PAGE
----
"You've led us a right go around, you bleeding idiot. What were you thinking?"
I decided I would not be drawn and did not answer, which did not seem to anger him though I detected a rising level of impatience.
"If I untie you are you going to behave?"
I nodded. He untied my hands and then released the rope that bound me to the chair. Immediately on standing, I needed the bathroom.
"Oh, Jesus, don't do that here, you dirty beggar. Come on, Andy, take this prat to the loo, and don't let him out of your sight."
I stared at him as he said this, but he would not look at me.
"Where am I?" I managed.
"Where do you think, you nutter? Andy, come on. Get this idiot to the bog, then let's get some more coffee down him." Turning to me again, this person said, "You really don't have a clue, do you?"
The one called Andy took me by the arm with surprising gentleness and led me to the bathroom, where things nearly went bad as I hadn't noticed that someone had put a pair of pants on me. When I let myself out, I returned to the room I had been in and sat down in an armchair that was so comfy it might have been my own.
Andy looked at me and suddenly burst out laughing. "You complete prat," he told me. "If Silva ever gets a whiff of this, she will have your balls for earrings."
“Who is Silva? Silva. I know Silva.”
"You better had do."
I had a sudden vision, a flash, gone almost before I could place it though the impression of a striking brunette remained with me, troubling me in some way too subtle to pin down.
"What happened to me?" Obviously, these men meant me no harm, and I wanted to know if they held the key to my recent suffering. I was feeling a little more secure.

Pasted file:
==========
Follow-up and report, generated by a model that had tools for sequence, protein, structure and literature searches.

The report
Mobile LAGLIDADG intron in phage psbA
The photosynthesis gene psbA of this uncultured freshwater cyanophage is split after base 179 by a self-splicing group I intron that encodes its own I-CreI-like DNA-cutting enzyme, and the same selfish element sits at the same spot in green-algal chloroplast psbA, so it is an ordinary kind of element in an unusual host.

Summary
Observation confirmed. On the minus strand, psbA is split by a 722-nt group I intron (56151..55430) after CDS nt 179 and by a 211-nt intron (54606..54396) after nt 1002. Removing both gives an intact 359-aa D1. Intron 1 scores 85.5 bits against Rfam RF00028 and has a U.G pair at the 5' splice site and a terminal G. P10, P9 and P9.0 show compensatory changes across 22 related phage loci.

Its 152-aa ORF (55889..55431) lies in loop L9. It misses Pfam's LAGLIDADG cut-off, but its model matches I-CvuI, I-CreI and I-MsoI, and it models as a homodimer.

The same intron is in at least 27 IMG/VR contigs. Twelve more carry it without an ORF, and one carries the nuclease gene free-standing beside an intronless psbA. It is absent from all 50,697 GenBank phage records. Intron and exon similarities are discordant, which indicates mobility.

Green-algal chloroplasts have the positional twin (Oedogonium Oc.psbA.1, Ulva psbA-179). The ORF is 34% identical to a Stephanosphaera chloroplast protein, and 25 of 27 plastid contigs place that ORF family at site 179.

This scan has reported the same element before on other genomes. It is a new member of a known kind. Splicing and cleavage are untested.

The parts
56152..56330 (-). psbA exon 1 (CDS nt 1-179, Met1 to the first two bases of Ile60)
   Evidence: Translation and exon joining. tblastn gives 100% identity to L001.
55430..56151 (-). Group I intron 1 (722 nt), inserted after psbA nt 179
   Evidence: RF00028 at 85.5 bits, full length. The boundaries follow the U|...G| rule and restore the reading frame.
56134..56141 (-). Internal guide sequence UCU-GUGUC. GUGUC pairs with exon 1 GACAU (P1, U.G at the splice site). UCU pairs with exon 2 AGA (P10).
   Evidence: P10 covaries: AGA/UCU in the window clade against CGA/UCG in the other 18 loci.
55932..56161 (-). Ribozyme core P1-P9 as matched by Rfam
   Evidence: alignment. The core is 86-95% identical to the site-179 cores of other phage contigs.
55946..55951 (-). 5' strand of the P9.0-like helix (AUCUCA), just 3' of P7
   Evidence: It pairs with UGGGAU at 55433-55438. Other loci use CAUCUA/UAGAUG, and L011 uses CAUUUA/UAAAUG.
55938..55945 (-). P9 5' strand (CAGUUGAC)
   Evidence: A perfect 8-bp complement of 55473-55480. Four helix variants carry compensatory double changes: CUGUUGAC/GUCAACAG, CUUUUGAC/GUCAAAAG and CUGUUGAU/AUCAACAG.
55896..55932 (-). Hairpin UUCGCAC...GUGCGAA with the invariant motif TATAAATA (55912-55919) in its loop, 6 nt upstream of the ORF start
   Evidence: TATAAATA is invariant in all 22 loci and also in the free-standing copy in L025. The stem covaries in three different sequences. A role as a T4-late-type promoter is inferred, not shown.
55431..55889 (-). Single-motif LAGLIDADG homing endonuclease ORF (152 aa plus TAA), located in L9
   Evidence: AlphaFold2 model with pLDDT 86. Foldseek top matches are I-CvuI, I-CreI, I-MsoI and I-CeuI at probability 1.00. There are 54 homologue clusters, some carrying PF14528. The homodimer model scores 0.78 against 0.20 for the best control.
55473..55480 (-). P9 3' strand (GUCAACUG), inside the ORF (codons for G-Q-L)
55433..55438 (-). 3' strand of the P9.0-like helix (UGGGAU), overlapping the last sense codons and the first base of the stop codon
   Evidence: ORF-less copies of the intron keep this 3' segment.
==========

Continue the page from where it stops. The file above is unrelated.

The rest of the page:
"Do you remember the absinthe?" the one called Juři asked.
"Do I bollocks." I was surprised to find that I was thinking more clearly. My mind was moving faster and, frankly, not liking everything it saw.
"I am not in the least surprised. You were like an animal. The girl was burning the sugar on the spoon, but every time she went to put it in the absinthe, she found you had drunk it, and she had to begin again. You must have done half a bottle in twenty minutes, you knob."
"Oh, bugger," I groaned as an unwelcome memory floated over my transom.
"But what really fucked you were the mushrooms. I put a portion out for each of us, but when I turned my back for a second, you leaned over quick as a flash and gobbled up the whole lot."
"It rather put our plans out," Andy said. "We were going to strip you, smother you in jam and superglue you to the plinth of the equestrian statue in Wenceslas square, but you were so raving bonkers you fought like a tiger, got clean away from us and jumped in a taxi."
"Yes, and you owe us a thousand euros for that. You threw up in it and got jam all over the back seat."
"One of the other drivers spoke to your driver, who said you attacked him, bit his ear and told him he was vole spawn, so he gave you a good hiding and kicked you out near the nuthouse in Bohnice."
"Appropriate," another joined in.
"But that wasn't until last night, you dickhead
"So," this was Andy again, "Instead of a wild time on Thursday night with all day Friday to recover, here we are."
"Where are we? Exactly."
"Exactly? Well, you have to be at the altar in Krizikova in three hours. Though you are such a washed-out piss-ant, I can't see Silva going through with it."
The bastards were laughing again, and I? I groaned. "Bollocks."
Truth to tell, I could have done without it. A nice cuppa and a few hours in kip would have been fine. The boys went out of the room one by one to catch a bit of shut-eye. Last out was Andy. He turned and said over his shoulder,
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That was a fun read! Loved it. We've all had those "day after" moments. You described his confusion so vividly. Well done. Thank you for sharing! k